Classroom Discipline Wong’s Pragmatic Classroom Kagan, Kyle, and Scott’s Win-Win Discipline Morrish’s Real Discipline
Strengths • Wong’s approach “pragmatic” where it is “built from practical ideas” pieced together from multiple sources (Charles, 2008, pg. 130). This theory does not fit with cookie cutter classrooms and can be modified to fit the teacher, content, or student group.
• Encourages the idea that “discipline problems” will “largely disappear” when the classroom management is in check (Charles, 2008, pg. 30).
• “Rules of behavior set limits” where they “create a work-oriented atmosphere” (Charles, 2008, pg. 133). Behavior issues are simply violations of procedure and have specific and logical consequences that were clearly laid out on the first day of school. • “Student needs” are strongly represented were the “primary goal” is to “help students develop long-term, self-managed responsibility.
• Encourages a spirit of teamwork between the teacher and student where the end result is where “students manage themselves responsibly” (Charles, 2008, pg. 151). • A precursor to Kagan’s win-win strategy because it “teaches students right from wrong,” high expectations of adult authority, “and encourages them to make choices about behavior that are sufficiently mature and experienced to do” (Charles, 2008, pg. 227).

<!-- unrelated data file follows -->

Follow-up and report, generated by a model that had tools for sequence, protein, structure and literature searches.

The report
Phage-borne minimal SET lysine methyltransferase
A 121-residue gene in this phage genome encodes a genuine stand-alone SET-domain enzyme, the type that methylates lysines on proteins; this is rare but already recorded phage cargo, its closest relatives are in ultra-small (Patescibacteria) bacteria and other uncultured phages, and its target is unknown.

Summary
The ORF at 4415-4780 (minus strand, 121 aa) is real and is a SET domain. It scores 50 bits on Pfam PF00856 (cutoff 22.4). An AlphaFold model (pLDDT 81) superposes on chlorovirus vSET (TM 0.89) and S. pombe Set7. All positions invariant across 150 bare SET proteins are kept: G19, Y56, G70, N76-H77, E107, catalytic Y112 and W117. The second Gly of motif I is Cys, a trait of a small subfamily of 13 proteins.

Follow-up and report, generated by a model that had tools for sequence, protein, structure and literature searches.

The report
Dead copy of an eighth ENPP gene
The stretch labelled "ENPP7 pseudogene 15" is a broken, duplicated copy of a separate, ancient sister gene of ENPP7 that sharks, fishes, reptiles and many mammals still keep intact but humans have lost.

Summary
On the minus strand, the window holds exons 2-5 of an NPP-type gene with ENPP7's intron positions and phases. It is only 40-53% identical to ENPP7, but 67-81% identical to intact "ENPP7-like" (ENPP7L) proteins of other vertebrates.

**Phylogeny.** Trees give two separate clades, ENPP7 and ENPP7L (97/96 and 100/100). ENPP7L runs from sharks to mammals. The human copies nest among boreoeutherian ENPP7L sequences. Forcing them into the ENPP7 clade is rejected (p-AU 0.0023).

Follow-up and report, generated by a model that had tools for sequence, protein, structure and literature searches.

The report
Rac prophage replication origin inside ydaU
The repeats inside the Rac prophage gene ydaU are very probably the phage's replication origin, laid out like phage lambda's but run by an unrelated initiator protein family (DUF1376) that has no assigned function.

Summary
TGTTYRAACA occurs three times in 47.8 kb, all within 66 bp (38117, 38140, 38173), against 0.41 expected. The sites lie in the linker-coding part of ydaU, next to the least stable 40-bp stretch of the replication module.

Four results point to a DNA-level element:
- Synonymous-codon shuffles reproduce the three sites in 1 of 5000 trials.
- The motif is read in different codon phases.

• “To acquire essential [behavioral norms] skills, they need supportive guidance from enlightened, caring teachers” where it does not put the teachers and students on the same plane; however, it does not completely separate them.
Weaknesses • Requires intense planning and execution by the teacher to ensure that consistency of procedures is followed in order for this to succeed.
• If there needs to be a change in classroom management style in the middle of the school year, Wong gives little detail on how that should be handled. They focus heavily on the first day and